separate steps
   Closing balances in the T-accounts now become the opening
    balances for next period’s transactions
Core Concepts Accounting
 Let’s now consider some transactions for Tiny
 Company during the month of June, 20X4
  These will help link the Balance Sheet with the

   Income Statement and Statement of Cash Flows

 Building a balance sheet: transaction 6
 On June 1, 20X4, Tiny Co. pays $4,000 cash for
 inventory.
 Core Concepts Accounting
                            Tiny Company
                    Balance Sheet as at June 1, 20X4
               Assets                      Liabilities and Stockholders’
                                                        Equity
Cash                $1,000               Bank debt           $7,000
Inventory           4,000
Machinery           9,000                Common stock        10,000
Land                3,000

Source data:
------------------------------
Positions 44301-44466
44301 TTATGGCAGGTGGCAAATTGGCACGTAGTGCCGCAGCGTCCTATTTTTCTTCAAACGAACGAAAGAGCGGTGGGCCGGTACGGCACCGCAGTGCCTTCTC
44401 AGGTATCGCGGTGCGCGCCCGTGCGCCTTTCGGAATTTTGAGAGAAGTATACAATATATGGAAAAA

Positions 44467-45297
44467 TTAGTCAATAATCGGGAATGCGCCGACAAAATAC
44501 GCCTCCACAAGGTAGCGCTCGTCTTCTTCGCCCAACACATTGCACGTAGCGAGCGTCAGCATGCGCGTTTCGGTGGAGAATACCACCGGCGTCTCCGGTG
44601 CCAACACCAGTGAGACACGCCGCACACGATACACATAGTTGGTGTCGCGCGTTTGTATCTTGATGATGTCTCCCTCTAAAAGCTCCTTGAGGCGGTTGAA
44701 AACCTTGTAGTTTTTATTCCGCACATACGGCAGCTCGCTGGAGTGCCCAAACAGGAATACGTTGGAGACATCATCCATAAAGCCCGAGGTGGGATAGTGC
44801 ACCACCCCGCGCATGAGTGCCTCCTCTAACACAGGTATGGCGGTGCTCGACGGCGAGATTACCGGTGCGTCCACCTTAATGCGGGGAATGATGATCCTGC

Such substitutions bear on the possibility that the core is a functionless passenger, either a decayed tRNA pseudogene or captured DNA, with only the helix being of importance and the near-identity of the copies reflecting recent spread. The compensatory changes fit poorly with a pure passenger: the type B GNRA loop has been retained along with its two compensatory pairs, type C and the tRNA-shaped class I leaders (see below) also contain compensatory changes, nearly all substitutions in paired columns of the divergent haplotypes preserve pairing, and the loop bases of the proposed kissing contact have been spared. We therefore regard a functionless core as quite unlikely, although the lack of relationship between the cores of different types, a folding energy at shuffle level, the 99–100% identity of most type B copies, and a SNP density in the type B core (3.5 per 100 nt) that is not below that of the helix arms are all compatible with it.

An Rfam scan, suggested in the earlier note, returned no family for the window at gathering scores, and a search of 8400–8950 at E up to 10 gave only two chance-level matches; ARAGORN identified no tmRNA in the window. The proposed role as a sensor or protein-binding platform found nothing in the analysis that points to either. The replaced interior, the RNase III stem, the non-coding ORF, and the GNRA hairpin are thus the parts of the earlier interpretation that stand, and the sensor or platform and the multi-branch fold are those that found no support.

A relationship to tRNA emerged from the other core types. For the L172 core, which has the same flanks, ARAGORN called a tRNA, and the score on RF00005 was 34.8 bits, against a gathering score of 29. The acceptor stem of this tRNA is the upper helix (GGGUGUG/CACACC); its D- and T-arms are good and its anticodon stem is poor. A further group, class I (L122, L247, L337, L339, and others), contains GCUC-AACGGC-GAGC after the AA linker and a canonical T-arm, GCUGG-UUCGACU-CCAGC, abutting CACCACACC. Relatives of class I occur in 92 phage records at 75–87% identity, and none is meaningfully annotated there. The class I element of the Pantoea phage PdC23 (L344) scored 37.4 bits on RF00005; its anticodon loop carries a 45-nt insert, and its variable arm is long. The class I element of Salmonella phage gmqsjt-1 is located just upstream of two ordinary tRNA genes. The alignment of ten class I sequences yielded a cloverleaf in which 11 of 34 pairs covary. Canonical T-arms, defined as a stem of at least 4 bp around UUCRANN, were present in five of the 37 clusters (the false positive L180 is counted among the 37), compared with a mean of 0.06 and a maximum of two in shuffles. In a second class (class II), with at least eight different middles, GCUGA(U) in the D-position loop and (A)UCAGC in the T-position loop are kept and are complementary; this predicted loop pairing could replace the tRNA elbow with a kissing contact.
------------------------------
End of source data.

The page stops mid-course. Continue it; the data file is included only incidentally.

Total $17,000                            Total $17,000

    Note: Accounts have been disaggregated
       List the most liquid asset, then work down to the least liquid asset
       The purchase of inventory is an Operating Activity
Core Concepts Accounting

 Building a balance sheet: transaction 7
 On June 15, 20X4, Tiny Co. issues a 2-year note
 (debt) to finance future expansion. The proceeds of
 $8,000 are deposited into the bank account. (Note
 that Tiny Co.’s bank loans are due at the end of
 2004.)

 Prepare Tiny Company’s balance sheet as at
 June 15, 20X4.
Core Concepts Accounting



     Assets            Liabilities and